Students and teachers stay safe and busy under quarantine

As the COVID-19 virus spreads across the nation, the government is urging people to stay indoors and only to leave their homes for necessities. In Georgia, Governor Brian Kemp has shut down schools until April 24, thus leaving students and teachers to complete their studies and teaching online in the safety of their homes. Both students and teachers must now choose how to spend their extra free time and determine the best ways to stay safe in the coming weeks.  

Many students are partaking in social distancing and doing their part to keep those around them safe healthy. Junior Emma Argo feels like the risk of going outside is too much for her and her family.  

“I think it’s important that we [demonstrate social distancing] because young people spread the virus, and I have an immune challenged man with COPD in my house, and my mom just recovered from bronchitis,” Argo said. “I don’t want to risk even the smallest chance of them contracting the disease from me.” 

With two weeks already completed, students are beginning to fall into a routine with their new home-bound schedules. Senior Chad Morrow has a set plan for the day even if it is not his first choice.  

“Each morning I get up, eat breakfast, then I do my classwork,” Morrow said. “[However,] I prefer physically going to school because I learn better that way.” 

Teachers are also falling into the new online routine, such as Human Anatomy and Physiology teacher Tracy Strange who is finding that this new way of learning is a double-edged sword. 

“I don’t have to get up as early, so that is nice—I like that. I still get up at 6am, have breakfast, feed the dog, get dressed and go to work,” Strange said. “What I don’t love is sitting in front of a computer all day. I miss my students. I miss watching you guys learn and the questions you ask and your enthusiasm. I miss our interaction together; for teachers, that’s what [it] is all about, and teaching digitally you just don’t get the interaction.” 

While it is important to stay inside, it also may be difficult to stay cooped up in the house all day. Luckily, students have figured a way to combat the boredom and fill their time.  

“I’ve been playing video games and Facetiming my girlfriend,” Morrow said. “I only leave the house for fresh air and for important things like grocery shopping.” 

With all the extra free time, students are also finding ways to relearn old tricks and some new ones too.  

“I used to be in soccer when I was little, so during my free time, I kick a soccer ball around to try and relearn all the tricks I used to know,” Argo said. “I am also using the time to learn how to paint. I’ve always wanted to, and I got some materials for Christmas, so I’ve been working on improving that skill these last few days.”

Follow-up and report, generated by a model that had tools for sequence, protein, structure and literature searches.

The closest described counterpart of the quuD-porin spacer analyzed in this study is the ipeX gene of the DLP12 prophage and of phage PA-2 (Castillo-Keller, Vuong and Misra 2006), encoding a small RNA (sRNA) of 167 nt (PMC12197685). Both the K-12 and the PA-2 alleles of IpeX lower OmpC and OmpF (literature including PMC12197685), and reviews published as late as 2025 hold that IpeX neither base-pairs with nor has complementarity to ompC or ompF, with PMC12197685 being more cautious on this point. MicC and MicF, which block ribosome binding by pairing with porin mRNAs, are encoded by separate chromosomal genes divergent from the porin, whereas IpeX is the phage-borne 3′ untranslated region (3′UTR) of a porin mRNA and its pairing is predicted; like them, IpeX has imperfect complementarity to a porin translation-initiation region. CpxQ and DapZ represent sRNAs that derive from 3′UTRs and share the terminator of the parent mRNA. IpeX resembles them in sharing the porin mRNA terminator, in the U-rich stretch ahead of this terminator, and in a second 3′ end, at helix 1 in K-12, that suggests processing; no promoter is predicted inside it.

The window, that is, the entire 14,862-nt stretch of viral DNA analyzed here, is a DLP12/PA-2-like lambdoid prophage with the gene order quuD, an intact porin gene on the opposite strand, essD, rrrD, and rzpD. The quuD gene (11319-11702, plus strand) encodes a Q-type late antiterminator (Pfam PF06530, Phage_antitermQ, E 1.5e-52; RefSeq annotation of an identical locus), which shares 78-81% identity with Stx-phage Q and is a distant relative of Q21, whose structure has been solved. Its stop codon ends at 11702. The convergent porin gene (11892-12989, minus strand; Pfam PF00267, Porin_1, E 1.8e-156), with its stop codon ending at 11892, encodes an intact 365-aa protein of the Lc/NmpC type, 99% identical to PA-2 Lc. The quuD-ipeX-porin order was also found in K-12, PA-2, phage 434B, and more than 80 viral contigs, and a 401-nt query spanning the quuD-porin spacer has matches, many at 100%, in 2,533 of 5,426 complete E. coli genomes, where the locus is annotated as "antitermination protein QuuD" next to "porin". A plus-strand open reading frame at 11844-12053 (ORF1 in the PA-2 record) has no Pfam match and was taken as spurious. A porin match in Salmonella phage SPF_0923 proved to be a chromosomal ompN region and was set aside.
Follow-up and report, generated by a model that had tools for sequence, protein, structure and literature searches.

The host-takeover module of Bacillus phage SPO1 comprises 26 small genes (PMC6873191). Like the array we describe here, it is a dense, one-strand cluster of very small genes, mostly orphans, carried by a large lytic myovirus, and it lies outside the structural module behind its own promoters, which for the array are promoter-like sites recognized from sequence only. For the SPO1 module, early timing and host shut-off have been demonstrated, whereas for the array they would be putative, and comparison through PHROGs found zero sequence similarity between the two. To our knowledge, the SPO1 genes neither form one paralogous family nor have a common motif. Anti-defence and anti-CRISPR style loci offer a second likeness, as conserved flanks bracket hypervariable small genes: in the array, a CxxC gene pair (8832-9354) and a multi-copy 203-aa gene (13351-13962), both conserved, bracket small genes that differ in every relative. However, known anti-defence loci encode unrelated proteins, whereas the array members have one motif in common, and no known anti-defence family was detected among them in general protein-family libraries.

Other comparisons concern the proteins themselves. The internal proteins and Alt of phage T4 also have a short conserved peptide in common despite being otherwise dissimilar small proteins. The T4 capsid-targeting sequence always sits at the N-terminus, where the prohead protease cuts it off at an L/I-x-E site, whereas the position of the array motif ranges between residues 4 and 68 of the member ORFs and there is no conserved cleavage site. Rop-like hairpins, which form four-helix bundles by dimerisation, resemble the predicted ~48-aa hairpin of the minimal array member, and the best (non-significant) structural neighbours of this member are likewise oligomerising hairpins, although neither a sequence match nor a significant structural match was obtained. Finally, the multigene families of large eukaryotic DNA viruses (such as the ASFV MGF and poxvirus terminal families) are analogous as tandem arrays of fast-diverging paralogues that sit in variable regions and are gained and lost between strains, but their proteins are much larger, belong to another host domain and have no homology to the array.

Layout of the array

In the dawn of spring, it may seem very difficult to adhere to the rules and guidelines of social distancing set up by the government; however, it is an important reminder of how crucial it is to solving this crisis.  

“Please do your part with social distancing. I fear that the news provides some comfort to most people and they think they won’t die from the virus, so they don’t worry about it, but that isn’t the whole story,” Strange said. “Many people do indeed survive, but they need hospital support to do so. When the hospitals become overrun with people who need support to survive, the hospitals will run out of beds and equipment to help patients.  Without supplies, people who might have survived the virus will not. It is serious and everyone, young or old, needs to treat it as such.” 

In a time where there is a lot of uncertainty, students and teachers alike can take comfort in controlling their feelings and reactions to these tough times. 

“I have learned that life is 50% good times and 50% hard times. If you can manage your mind during the 50% hard times, you get through life with a lot less anxiety because your thoughts create your feelings,” Strange said. “Having more quiet time allows me to watch my thoughts a little more than my normal schedule does, so I’m able to practice managing my mind. That’s how life works: you learn stuff and come out on the other side of the hard times smarter, stronger, [and] more resilient.”